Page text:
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Putting Food Waste to Good Use

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By Judith A. Stock September 2013 Sustainability

Food waste is the No. 1 material that goes into landfills across the country today, according to the U.S. Environmental Protection Agency. And, until a few years ago, food waste wasn’t high on most restaurants’ priority list.

However, the National Restaurant Association reports that recycling has become business as usual for 65 percent of restaurant operators.

Steven Satterfield, executive chef and co-owner of Miller Union in Atlanta, says that working in the restaurant business has shown him the impact that can be made if food waste is diverted from landfills.

“From day one at Miller Union, composting has been a part of our business model. We found a company that removes the materials and takes it to a large-scale composting site outside of the city.”

Organic material such as fruit and vegetable scraps, fish and shells, meat and bones, eggshells, and coffee grinds are all composted.

The restaurant’s food-waste program also includes animal and vegetable fats that go to a bio-diesel processing and recycling plant. On an average week, the restaurant composts 2,000 pounds of organic matter.

The benefit, according to Chef Satterfield, “is knowing that you’re doing the right thing and not cutting corners to save money or contributing any unnecessary waste to a landfill.”

The restaurant trains all personnel on how to manage food waste using a system of easy to learn, color-coded waste receptacles. In addition, the staff is encouraged to inform patrons about the restaurant’s sustainable practices.

At Angus Barn, on a sprawling 50-acre site in Raleigh, North Carolina, owner Van Eure says, “Everything has a second use. If it is biodegradable, it goes into a dumpster that’s picked up by a company that uses the food waste for mulch.”

As a beefeater’s destination, Angus Barn always has leftover meat from the kitchen plus meat from patrons who aren’t members of the clean plate club and don’t walk out with a doggie bag.

With her propensity to avoid waste, Eure came up with a plan to donate the leftover meat to Carnivore Conservation, an organization that takes in abused wildlife including lions and tigers.

“Restaurants can easily supply food to animal rescue groups,” explains Eure. At Angus Barn, the dishwasher is instructed to save all the leftover meat and ribs and put it into a bucket. The meat is frozen, and then delivered to the animal rescue group weekly. Some nights the catch is as much as 10 buckets.

When customers leave leftovers on their plates, Eure says, “We tell them their leftovers are going to the lions and tigers.”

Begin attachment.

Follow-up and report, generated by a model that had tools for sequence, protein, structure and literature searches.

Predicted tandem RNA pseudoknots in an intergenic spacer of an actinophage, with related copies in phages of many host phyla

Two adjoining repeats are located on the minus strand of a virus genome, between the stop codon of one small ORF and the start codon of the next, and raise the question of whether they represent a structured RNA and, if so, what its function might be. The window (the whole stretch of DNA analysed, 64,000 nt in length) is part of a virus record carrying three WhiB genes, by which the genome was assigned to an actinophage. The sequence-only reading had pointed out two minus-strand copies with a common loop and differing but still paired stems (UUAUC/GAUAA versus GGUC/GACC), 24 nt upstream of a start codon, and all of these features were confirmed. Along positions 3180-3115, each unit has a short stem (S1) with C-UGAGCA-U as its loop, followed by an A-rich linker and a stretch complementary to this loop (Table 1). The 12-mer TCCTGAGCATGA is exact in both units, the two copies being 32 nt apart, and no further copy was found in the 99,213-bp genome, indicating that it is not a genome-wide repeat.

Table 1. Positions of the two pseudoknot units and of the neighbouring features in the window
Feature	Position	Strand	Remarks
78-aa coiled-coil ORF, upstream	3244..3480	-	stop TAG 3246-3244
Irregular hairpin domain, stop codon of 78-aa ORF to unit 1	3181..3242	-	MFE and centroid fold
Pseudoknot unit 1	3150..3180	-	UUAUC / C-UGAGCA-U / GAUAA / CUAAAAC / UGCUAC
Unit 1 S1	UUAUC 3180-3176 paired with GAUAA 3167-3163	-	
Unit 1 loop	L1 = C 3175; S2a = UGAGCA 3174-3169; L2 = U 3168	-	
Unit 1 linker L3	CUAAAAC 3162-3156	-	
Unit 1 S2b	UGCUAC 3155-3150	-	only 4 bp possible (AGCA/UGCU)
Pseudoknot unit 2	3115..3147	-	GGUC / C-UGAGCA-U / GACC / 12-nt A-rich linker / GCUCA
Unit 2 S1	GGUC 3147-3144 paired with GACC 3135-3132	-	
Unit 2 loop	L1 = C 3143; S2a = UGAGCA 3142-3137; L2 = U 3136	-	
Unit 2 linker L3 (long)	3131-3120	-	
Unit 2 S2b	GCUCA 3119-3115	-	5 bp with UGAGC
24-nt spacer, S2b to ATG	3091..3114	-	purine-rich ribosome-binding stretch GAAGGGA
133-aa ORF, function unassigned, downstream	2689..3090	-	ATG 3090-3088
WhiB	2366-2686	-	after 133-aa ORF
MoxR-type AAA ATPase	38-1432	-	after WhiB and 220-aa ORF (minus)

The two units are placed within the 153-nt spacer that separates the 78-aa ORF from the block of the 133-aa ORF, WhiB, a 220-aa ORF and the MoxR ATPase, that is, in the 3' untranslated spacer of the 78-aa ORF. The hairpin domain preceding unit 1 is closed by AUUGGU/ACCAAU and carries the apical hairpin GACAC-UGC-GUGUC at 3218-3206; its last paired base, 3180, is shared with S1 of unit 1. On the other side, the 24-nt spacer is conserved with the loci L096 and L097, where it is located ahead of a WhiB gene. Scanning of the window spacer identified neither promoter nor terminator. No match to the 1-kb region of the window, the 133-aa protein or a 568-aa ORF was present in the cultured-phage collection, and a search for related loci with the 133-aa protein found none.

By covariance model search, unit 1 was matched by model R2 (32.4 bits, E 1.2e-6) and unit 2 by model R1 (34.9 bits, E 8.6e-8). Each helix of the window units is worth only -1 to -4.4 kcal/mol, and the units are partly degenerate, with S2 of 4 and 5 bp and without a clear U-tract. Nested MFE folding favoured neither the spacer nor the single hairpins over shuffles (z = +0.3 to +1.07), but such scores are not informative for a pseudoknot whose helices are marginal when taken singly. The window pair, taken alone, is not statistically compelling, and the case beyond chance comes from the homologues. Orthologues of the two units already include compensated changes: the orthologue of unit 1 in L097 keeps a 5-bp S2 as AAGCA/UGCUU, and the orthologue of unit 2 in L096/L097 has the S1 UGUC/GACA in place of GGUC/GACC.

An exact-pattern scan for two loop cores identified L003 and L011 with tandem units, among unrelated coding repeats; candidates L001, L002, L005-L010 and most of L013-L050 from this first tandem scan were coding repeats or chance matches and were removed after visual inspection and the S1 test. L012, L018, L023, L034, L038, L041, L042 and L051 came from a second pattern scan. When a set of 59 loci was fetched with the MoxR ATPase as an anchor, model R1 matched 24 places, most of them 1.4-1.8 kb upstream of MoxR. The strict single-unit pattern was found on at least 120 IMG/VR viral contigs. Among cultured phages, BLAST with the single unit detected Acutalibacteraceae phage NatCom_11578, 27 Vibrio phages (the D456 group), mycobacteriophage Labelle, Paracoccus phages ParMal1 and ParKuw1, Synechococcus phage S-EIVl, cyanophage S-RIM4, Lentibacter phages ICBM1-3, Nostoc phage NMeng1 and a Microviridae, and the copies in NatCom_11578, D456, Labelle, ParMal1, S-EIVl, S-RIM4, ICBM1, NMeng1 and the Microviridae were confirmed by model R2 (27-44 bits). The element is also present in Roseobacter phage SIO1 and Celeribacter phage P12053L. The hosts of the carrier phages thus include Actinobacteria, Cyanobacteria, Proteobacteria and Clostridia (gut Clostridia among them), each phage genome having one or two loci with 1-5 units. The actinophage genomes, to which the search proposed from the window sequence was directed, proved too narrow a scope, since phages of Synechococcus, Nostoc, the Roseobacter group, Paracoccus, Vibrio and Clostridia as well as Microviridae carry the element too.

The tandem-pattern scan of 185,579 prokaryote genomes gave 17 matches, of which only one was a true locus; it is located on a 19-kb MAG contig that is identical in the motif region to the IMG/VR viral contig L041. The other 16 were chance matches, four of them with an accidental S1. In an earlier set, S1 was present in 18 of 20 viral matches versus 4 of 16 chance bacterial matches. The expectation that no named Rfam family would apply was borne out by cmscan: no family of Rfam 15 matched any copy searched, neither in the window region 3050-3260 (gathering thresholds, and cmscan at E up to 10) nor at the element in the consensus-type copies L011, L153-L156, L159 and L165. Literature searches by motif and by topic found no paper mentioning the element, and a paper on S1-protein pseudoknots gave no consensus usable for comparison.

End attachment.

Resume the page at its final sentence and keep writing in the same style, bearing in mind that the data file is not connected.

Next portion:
There’s also a notice in the menu stating that any leftover meat will be delivered to the rescue group, which lets the patrons know the restaurant cares about the larger community.

For large events at Angus Barn, where there is a high potential for food waste, Eure calls on the Inter-Faith Food Shuttle to pick up unused portions, which in turn is delivered to the local Food Bank

At another Atlanta eatery, Ecco, which features seasonally inspired European cuisine, the restaurant joined the Green Foodservice Alliance in 2009, formed by the Georgia Restaurant Association, to work toward sustainability.

Steve Simon, co-founder and partner at Fifth Group Restaurants which owns Ecco, says that recycling programs had been expanded to all of the group’s restaurants by 2010.

As Simon points out, “Anything biodegradable that was formerly destined for the landfill is now source-separated at each restaurant into receptacles that are picked up four times per week and hauled to a local facility that produces compost from organic materials.”

In a given month, each of the restaurants yields approximately 10,000 pounds of food, bones, scraps, and biodegradable matter that goes to the composting facility—and that equates to about 50 percent of their former waste stream.

The key to Ecco’s successful recycling program, along with the other restaurants owned by Fifth Group Restaurants, is a highly trained chef and reliable kitchen help.

“The chefs are trained first then they train the rest of the staff,” explains Simon. “Chefs are at the epicenter of food in the restaurant, so they have the best opportunity to impact the food-waste recycling program.”

Food-waste recycling is an important part of a well-oiled sustainable restaurant program—one that can impact positively on the greater environment.